Youth Services Blog

Creative Play!


Fostering Creativity     

Adapted from ‘The Connection’ – a newsletter resource from Child Connect for Family Success at

Many people assume that creativity is an inborn talent but is actually more a skill that can be nurtured. It is a key to success in nearly everything we do and is not limited to art and music—it is essential for science, math, and even social and emotional intelligence.

Creative people are more flexible and better problem solvers, which makes them more able to adapt to technological advances and deal with change—as well as take advantage of new opportunities.

Researchers believe we have changed the experience of childhood in a way that impairs creative development. Children no longer need to imagine a stick is a sword in a game or story they’ve imagined: they can play Star Wars with a specific light-saber in costumes designed for the specific role they are playing.

Here are some ideas for fostering creativity in your children:

1. Provide the resources they need for creative expression. The key resource here is time. Children need a lot of time for unstructured, child-directed, imaginative play –unencumbered by adult direction, and that doesn’t depend on a lot of commercial stuff.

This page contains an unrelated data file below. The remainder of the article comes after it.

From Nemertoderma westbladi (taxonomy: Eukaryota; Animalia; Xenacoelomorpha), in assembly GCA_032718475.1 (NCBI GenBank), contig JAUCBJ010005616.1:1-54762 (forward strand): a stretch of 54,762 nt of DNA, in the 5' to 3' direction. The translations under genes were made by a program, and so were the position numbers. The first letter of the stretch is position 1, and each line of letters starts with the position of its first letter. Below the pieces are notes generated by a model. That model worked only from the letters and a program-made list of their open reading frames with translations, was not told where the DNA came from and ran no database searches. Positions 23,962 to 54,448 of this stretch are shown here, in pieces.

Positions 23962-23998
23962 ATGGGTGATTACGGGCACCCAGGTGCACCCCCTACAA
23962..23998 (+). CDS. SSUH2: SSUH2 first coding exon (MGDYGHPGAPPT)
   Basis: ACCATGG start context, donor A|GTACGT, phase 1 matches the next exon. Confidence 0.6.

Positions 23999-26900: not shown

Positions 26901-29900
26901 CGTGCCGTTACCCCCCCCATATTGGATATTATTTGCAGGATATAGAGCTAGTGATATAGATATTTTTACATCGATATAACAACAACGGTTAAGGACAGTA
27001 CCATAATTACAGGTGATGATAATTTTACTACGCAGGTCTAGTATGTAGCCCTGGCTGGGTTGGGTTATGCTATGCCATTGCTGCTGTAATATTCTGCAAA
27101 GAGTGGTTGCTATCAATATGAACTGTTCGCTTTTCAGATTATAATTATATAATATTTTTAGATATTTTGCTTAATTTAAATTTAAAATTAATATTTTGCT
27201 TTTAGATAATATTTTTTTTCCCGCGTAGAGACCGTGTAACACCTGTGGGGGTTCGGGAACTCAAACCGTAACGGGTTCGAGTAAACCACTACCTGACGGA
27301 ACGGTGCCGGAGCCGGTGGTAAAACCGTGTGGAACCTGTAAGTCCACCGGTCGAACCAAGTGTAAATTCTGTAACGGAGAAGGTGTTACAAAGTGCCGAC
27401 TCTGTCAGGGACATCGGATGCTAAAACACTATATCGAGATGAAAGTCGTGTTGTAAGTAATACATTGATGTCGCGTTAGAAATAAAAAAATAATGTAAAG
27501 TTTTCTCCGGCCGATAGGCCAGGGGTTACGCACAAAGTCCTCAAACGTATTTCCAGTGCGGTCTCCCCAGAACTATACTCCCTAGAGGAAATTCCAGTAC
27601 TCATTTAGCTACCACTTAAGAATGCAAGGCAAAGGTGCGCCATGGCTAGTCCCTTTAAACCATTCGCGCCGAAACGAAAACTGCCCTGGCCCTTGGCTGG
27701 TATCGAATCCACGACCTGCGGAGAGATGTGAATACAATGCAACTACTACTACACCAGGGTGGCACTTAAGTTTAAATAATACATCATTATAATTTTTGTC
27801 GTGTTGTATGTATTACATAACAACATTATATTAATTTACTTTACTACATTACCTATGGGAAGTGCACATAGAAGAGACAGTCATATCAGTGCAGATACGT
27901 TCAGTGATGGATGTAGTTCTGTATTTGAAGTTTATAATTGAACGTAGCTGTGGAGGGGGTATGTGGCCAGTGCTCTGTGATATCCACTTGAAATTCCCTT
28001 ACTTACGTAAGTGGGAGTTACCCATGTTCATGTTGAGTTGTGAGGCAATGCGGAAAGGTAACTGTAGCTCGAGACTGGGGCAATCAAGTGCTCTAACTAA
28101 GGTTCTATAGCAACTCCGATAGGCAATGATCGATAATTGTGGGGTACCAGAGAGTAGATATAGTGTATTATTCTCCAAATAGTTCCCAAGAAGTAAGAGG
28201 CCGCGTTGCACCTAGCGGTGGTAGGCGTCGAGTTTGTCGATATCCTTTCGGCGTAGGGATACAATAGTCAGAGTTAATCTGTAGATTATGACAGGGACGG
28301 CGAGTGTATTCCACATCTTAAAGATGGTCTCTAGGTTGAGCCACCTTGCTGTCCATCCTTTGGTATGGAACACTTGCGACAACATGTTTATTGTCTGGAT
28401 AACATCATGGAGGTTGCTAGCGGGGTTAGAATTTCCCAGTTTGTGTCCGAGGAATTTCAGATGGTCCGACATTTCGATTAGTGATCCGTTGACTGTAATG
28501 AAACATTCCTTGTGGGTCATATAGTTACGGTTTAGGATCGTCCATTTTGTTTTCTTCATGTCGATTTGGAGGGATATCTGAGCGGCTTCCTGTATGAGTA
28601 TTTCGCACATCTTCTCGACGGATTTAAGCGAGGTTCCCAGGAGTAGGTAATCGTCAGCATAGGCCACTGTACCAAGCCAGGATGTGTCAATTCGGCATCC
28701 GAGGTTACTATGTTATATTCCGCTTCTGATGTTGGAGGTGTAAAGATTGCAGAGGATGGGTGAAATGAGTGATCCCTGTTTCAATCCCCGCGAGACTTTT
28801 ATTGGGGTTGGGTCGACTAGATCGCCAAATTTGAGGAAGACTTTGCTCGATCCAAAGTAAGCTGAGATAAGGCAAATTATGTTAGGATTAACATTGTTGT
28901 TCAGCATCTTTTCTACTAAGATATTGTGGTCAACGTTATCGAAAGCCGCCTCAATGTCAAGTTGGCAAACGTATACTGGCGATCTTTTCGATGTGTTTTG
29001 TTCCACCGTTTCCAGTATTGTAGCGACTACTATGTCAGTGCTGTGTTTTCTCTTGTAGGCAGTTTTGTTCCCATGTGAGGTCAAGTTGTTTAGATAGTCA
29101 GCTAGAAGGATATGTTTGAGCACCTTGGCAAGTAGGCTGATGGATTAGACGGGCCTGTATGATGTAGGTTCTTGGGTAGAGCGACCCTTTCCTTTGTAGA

2. Space is also a resource your children need. Give them a specific place where they can make a mess – like room in your attic for dress-up, a place in the garage for painting, or a corner in your family room for Legos. Next time someone asks for a gift suggestion for your children, ask for things like art supplies, cheap cameras, costume components, building materials. Put these in easy-to-deal-with bins that your children can manage.

3. Foster a creative atmosphere. Ask for a lot of different ideas, but resist the urge to evaluate the ideas your children come up with. Brainstorm activities for the upcoming weekend, encouraging them to come up with things they’ve never done before. Don’t point out which ideas aren’t possible or decide which ideas are best. The focus of creative activities should be on process: generating (vs. evaluating) new ideas.







4. Encourage children to make mistakes and fail. Yes, fail – children who are afraid of failure and judgment will curb their own creative thought. Share the mistakes you’ve made recently, so they get the idea that is okay to flub up. Laughing at yourself when you make a mistake is a happiness habit.

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